Cardiac-specific overexpression of GLUT1 prevents the development of heart failure attributable to pressure overload in mice.
BACKGROUND: Increased rates of glucose uptake and glycolysis have been repeatedly observed in cardiac hypertrophy and failure. Although these changes have been considered part of the fetal gene reactivation program, the functional significance of increased glucose utilization in hypertrophied and failing myocardium is poorly understood. METHODS AND RESULTS: We generated transgenic (TG) mice with cardiac-specific overexpression of insulin-independent glucose transporter GLUT1 to recapitulate the increases in basal glucose uptake rate observed in hypertrophied hearts. Isolated perfused TG hearts showed a greater rate of basal glucose uptake and glycolysis than hearts isolated from wild-type littermates, which persisted after pressure overload by ascending aortic constriction (AAC). The in vivo cardiac function in TG mice, assessed by echocardiography, was unaltered. When subjected to AAC, wild-type mice exhibited a progressive decline in left ventricular (LV) fractional shortening accompanied by ventricular dilation and decreased phosphocreatine to ATP ratio and reached a mortality rate of 40% at 8 weeks. In contrast, TG-AAC mice maintained LV function and phosphocreatine to ATP ratio and had <10% mortality. CONCLUSIONS: We found that increasing insulin-independent glucose uptake and glycolysis in adult hearts does not compromise cardiac function. Furthermore, we demonstrate that increasing glucose utilization in hypertrophied hearts protects against contractile dysfunction and LV dilation after chronic pressure overload.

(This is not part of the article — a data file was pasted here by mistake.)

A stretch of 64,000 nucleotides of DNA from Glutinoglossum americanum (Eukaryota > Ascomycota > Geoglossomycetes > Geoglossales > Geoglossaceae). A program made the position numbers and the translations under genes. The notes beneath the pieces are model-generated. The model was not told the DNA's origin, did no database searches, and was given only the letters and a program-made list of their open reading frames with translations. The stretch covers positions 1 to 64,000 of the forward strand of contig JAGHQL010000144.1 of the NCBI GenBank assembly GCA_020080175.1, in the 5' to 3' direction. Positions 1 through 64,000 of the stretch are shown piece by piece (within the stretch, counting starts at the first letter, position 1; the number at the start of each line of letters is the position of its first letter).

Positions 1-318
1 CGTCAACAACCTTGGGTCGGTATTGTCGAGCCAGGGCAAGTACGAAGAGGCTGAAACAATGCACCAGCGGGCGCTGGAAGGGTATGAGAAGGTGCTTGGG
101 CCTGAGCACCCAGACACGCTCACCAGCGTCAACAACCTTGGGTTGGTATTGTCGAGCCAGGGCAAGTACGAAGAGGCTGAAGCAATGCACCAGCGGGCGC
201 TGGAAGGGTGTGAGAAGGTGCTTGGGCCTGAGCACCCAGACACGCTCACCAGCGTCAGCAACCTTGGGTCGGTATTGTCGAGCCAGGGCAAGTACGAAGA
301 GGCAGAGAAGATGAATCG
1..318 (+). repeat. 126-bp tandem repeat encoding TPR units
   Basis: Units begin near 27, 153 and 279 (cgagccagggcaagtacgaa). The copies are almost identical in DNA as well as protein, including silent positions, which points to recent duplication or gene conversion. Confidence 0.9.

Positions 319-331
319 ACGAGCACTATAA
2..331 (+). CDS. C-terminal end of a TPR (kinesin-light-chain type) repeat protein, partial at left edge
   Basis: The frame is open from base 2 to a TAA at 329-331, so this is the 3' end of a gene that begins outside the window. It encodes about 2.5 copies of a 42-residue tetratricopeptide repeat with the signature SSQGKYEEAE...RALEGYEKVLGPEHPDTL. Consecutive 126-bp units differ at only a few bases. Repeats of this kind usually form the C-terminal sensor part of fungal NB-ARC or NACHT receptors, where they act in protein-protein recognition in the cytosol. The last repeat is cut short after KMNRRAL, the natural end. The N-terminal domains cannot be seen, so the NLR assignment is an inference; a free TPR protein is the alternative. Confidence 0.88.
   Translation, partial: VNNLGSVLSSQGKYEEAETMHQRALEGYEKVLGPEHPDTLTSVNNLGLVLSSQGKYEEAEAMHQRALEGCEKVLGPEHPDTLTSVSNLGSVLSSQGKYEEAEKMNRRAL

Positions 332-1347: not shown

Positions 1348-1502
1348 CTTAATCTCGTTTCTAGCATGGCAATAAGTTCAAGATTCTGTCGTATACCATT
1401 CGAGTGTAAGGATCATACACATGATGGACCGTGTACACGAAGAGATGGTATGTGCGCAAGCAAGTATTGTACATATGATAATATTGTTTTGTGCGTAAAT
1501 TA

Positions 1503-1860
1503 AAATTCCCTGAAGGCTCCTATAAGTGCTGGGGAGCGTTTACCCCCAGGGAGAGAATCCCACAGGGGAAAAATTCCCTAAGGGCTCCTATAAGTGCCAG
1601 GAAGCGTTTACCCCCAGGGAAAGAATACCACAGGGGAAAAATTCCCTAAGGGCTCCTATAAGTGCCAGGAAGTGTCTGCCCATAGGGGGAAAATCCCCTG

Pubmed ID: 12379584 RIS Download
Adenosine Triphosphate | Animals | Aorta | Biological Transport | Constriction | Echocardiography | Glucose | Glucose Transporter Type 1 | Heart Failure | Humans | Hypertrophy, Left Ventricular | Mice | Mice, Transgenic | Monosaccharide Transport Proteins | Myocardial Contraction | Myocardium | Organ Culture Techniques | Phosphocreatine | Pressure | Survival Analysis | Ventricular Remodeling